Hartford Retirement Program To Help Offset Deficit
December 01, 2010
The city hopes to save roughly $1 million with a voluntary retirement incentive program in which 30 employees have opted to participate.
The savings would help offset a projected $10 million shortfall for the current fiscal year, said David Panagore, the city's chief operating officer.
Some of the vacated positions will be eliminated, and others may remain unfilled for some time, which could mean more savings in the next fiscal year, Panagore said.
Employees who applied for the program include some high-level officials, such as Treasurer Kathleen Palm Devine, Budget Director Rick Galarza, Assistant Fire Chief Michael A. Parker, Councilwoman Veronica Airey-Wilson and Assessor Lawrence LaBarbera. Terms of their retirements require approval by the city's pension board.
"It's not what I'd like to do. Our city is lean already," Mayor Pedro Segarra said, "but we really don't have another option, unless we want to do layoffs."
Under the program, departing employees can choose to receive four additional years of pension credit or additional years of free medical coverage, Palm Devine said. The terms vary depending on the position. The program was extended to about 60 employees who are not members of a union.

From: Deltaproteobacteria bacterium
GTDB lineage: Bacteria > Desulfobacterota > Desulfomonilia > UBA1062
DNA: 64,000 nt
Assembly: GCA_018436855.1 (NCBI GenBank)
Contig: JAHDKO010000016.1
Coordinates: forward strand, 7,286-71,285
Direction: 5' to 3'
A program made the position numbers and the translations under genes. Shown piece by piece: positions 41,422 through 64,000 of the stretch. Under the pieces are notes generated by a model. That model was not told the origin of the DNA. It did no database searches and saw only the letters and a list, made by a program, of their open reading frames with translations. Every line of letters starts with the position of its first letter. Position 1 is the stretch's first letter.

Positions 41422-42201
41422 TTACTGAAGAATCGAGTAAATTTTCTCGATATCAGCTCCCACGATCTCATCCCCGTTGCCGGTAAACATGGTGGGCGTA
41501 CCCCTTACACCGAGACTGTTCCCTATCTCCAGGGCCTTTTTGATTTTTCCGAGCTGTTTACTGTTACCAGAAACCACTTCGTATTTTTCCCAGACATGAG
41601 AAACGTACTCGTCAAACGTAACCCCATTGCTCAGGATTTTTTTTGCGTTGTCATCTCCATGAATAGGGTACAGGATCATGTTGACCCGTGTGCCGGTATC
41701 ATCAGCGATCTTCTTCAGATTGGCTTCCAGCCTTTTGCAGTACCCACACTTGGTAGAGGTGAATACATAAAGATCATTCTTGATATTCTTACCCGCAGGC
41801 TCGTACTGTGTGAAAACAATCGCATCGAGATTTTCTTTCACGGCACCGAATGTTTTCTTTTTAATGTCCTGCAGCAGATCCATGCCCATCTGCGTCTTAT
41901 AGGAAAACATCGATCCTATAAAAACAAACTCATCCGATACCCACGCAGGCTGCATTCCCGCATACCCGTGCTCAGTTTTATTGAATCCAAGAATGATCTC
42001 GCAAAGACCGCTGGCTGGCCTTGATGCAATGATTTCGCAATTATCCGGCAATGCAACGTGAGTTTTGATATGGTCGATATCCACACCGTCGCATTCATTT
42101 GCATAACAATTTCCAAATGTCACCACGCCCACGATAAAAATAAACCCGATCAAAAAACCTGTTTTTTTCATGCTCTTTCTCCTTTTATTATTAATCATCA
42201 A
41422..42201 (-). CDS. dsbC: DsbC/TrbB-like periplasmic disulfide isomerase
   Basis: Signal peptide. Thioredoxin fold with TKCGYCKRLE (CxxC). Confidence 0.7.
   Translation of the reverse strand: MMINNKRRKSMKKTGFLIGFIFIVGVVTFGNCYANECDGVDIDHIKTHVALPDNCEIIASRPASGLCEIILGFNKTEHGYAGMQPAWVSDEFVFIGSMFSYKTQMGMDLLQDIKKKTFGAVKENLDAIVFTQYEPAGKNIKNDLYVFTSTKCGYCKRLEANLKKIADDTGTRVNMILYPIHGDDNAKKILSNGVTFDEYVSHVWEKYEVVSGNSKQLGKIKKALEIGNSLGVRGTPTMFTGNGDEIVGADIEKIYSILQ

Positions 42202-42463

The retiring workers' last day would be Dec. 31 unless given a deferral by the mayor. Department heads have five days from the time they apply for the program to request deferrals for themselves or their employees. Segarra has up to seven days to approve or reject a request once it's received.
"Several folks have asked for a deferment," Segarra said. "The requests are being analyzed to see what would be a suitable period of time for transitioning."
At least five of the positions would need to be filled immediately, Panagore said, including the treasurer's job. It could take 30 days to six months to find replacements for others.
While some of the jobs have salary ranges protected by city ordinances, Panagore said, others could be filled with lower-salary employees.
The program is part of a larger reorganization designed to cut costs. The city is facing a roughly $33 million deficit for the 2011-12 fiscal year.
Segarra said city officials are also seeking benefit concessions from the unions.
At the same time, city leaders are working to create an ordinance that would require non-bargaining-unit employees to wait at least until age 55 before retiring. Currently, workers can retire after 20 or 25 years of service, regardless of how old they are when they retire.
Under the proposal, employees would not be able to collect a full pension until age 62. Those who opt to begin drawing a pension between 55 and 61 would get reduced benefits. The ordinance would affect employees who are hired on or after July 1, 2011.
Reprinted with permission of the Hartford Courant.
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